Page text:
Joe Casey:
Sure, absolutely. I'm trained as a coach in a lot of different approaches and disciplines and I did that intentionally because I started to study the great coaches we used in my corporate career. And I was curious about what made the great ones great, and the average ones average and what I discovered, the ones who really were very effective, had a range of tools, and they were able to apply them in the situation for each client.

Joe Casey:
One of the things I'm trained in that I use for retirement planning, not exclusively, but it's very helpful is an approach called Design Your Life. It was developed by two people at Stanford, Dave Evans and Bill Burnett. Bill Burnett runs the design school, Dave Evans teaches there, but he's also, and they both have had industry experience. They both were early Apple employees, Evans ran electronic arts.

Joe Casey:
He once said to me, if your teenagers are addicted to video games, blame him, but they basically took the principles of design thinking and applied it to life planning. And I'm one of the few people that are trained that are using it for retirement. That'll change over time. But what it does to answer your question, is it ultimately helps us collaborate on designing three alternative visions of your future over the next five years. And why is that important? Because, for everyone it's very different. What's going to be a great next five years for you or me could be different what's it going to be like for someone listening, it's going to be completely different. So what are your priorities and how do you really make it happen?

Joe Casey:
And the way to do that is really by doing some creative brainstorming. They have a technique called mind mapping where you really do some ideation, idea generation, around the things that are most important to you and what could be, but it's rooted in what really your values are and what matters most to you and where you are at this stage of life.

Joe Casey:
As a dashboard, we start off with taking a look at how full are your gauges in four areas of life, your relationships, your work, you say, "What does that have to do with that, I'm retiring," but most people want to keep working the mix to some degree. I had a new client today who is 76, an expert in his field and he wants to keep working in some new redesigned way. And that's not uncommon.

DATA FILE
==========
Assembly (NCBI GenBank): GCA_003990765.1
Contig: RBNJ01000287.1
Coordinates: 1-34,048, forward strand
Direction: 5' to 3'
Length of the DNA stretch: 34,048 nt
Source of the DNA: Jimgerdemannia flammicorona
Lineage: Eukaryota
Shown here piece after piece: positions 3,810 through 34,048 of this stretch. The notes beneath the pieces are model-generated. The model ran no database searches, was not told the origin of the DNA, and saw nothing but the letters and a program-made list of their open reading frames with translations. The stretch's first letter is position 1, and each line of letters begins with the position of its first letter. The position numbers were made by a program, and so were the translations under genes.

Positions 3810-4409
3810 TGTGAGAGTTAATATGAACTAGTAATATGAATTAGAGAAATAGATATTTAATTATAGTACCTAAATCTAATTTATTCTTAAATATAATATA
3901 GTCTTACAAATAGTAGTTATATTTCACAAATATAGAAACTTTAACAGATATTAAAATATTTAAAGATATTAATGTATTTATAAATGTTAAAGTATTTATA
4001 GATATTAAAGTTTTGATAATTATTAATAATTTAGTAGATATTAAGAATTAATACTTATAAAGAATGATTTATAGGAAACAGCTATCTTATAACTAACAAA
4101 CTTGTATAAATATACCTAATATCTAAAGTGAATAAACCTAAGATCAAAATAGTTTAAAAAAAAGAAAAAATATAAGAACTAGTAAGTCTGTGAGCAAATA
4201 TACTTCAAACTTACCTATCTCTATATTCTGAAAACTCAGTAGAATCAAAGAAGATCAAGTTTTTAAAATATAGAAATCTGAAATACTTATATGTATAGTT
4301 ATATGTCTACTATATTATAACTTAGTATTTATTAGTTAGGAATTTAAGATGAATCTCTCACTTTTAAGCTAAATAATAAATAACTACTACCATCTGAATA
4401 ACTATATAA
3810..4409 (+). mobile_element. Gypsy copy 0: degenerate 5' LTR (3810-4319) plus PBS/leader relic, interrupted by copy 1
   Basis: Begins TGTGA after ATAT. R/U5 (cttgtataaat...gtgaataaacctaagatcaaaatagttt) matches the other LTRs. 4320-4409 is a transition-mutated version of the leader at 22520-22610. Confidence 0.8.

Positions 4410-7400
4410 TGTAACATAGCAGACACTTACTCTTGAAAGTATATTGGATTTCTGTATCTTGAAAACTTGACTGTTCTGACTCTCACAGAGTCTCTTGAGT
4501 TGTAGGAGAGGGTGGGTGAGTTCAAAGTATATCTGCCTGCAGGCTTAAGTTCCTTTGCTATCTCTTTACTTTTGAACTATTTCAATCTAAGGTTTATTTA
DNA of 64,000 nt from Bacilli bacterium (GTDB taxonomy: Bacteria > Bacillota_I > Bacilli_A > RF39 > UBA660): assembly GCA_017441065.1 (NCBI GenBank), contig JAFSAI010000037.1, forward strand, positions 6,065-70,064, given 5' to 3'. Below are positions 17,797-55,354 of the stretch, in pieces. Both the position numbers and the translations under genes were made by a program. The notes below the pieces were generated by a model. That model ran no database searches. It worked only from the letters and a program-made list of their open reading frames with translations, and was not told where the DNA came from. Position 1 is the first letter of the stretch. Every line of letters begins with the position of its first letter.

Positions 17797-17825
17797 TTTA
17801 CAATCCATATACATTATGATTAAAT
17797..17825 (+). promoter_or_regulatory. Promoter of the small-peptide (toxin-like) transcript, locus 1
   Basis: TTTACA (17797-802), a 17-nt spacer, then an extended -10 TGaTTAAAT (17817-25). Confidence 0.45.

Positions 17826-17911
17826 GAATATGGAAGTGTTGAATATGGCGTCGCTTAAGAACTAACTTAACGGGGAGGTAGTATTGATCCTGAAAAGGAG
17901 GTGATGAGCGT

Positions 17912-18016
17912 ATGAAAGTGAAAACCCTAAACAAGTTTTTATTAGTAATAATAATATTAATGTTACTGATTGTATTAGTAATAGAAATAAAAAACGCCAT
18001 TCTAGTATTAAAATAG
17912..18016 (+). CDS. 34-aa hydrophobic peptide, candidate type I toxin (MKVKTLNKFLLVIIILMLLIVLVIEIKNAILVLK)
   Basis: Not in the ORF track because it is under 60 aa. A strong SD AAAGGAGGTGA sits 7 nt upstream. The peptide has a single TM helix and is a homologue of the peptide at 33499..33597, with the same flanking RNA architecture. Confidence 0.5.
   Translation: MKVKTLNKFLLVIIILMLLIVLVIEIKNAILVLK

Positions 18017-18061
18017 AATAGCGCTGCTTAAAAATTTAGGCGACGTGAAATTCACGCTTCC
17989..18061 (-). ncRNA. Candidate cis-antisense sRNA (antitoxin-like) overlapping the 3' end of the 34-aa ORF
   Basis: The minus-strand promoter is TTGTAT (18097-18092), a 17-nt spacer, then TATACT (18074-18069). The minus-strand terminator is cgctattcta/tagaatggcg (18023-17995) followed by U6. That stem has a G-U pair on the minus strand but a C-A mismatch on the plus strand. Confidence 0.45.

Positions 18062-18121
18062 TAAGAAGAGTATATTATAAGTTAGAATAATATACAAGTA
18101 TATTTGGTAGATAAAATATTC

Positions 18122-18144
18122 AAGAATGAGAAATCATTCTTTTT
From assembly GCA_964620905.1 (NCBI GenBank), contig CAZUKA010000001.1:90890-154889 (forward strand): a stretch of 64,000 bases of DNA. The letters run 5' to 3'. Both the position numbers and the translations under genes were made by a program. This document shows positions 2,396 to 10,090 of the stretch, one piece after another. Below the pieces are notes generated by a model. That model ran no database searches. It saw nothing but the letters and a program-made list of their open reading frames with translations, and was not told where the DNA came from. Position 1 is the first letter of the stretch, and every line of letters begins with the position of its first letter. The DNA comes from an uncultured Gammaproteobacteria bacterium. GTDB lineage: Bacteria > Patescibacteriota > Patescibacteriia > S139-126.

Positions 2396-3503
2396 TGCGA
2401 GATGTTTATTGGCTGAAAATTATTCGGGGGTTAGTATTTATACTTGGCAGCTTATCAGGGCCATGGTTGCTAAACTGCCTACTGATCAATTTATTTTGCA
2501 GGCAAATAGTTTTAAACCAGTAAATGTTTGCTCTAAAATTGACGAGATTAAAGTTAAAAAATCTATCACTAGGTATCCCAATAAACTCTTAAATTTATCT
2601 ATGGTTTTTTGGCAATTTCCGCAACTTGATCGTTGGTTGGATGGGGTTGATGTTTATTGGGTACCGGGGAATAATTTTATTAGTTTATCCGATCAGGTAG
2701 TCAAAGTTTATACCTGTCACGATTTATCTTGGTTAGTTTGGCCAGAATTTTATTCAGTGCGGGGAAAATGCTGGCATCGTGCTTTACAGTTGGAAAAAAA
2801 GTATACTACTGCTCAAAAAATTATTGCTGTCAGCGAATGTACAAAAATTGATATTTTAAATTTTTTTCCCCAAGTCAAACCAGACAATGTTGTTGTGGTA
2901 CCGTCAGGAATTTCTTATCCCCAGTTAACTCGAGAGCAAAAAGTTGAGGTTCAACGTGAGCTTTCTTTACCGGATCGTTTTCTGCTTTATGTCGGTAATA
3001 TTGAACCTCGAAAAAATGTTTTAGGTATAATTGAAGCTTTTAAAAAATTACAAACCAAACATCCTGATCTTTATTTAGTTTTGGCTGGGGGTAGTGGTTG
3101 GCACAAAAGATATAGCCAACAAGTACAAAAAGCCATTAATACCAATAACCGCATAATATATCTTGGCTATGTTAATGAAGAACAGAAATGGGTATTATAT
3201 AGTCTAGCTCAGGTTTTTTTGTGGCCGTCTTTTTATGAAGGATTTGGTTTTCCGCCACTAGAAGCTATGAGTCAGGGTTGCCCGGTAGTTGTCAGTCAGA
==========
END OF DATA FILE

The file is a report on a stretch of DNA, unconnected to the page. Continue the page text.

Joe Casey:
So it looks at relationships. It looks at work, it looks at health, how you're feeling about health. And then finally it looks at how do you feel about playing, the fun aspect of life, which sometimes we really neglect when we're on that grindstone of making a living. And then we flip it forward and say, "Where do you want to be five years now? How will these gauges, think of a gas tank gauge, how will they look five years from now?

Joe Casey:
Usually what happens is the low ones for people are play and to some degree health, meaning they want to get in better shape. They want to do the things for their health that they always wanted to do. Those are the two there. The play ones are very low. And that's something that now people have time to explore, but where you begin? And we begin looking at things that they always wanted to do, but never had time on the leisure side. The people who want to play golf all the time, don't need me. They don't come to me. They think what I do is humorous and amusing, but I think they discover golf and CNBC are good for some people, but not for most. And we start there with where people are. We then do this mind mapping type of thing based on values.

Joe Casey:
And then we get into really designing what the future looks like over a five year period of time in all aspects of your life. And then we evaluate each of those three paths. How do you feel about it? How excited are you? What resources will it take and how do you feel about that to pull it off? And then, how does it literally sync up with your values? How in sync is it with what you're all about and how coherent it is? And those three paths are very different. The first one is what usually a client comes to me with what they're thinking about doing, "I want to start a business," or "I want to write a book. I want to have a portfolio," which is what most people do that I work with of activities.

Joe Casey:
And then we look at the second one, what would happen if you can't do that for any reason? What else could you do? That's where it takes some work? Because people are, "Well, I only have one plan." So we work on plan B and third one's a lot of fun. It's called the wild card. And that's, if there were no constraints at all, financial, geographic, your family's desires or interests, if you could do anything completely, anything, what would it be? And I haven't had anyone do that plan 100%. And the authors have told me that only 5% of the people they've worked with have really followed those paths. But what I've seen it do is it gives you new ideas to expand your thinking. So where people come out of this with this broader possibilities, some different ideas to start to work with. And then I know it's a long answer.

Joe Casey:
We then move into next phase which is prototyping, which is really where the magic happens. And that's identifying people you can talk with. Some in your network and others who you don't know, who are doing what you might want to do next. So let's take the person who said, "I always really wanted to write a book." I've had someone do that. Well, who are people that you know who have written books or who were some authors who you could reach out to? And those conversations aren't about you, they're about them. Thirty minutes, what do they like about what do they do? How do they get started? What do I need to know about it? And I've had some people discover that what they thought they wanted to do wasn't so good. It was different. The path was harder and they chose a different route.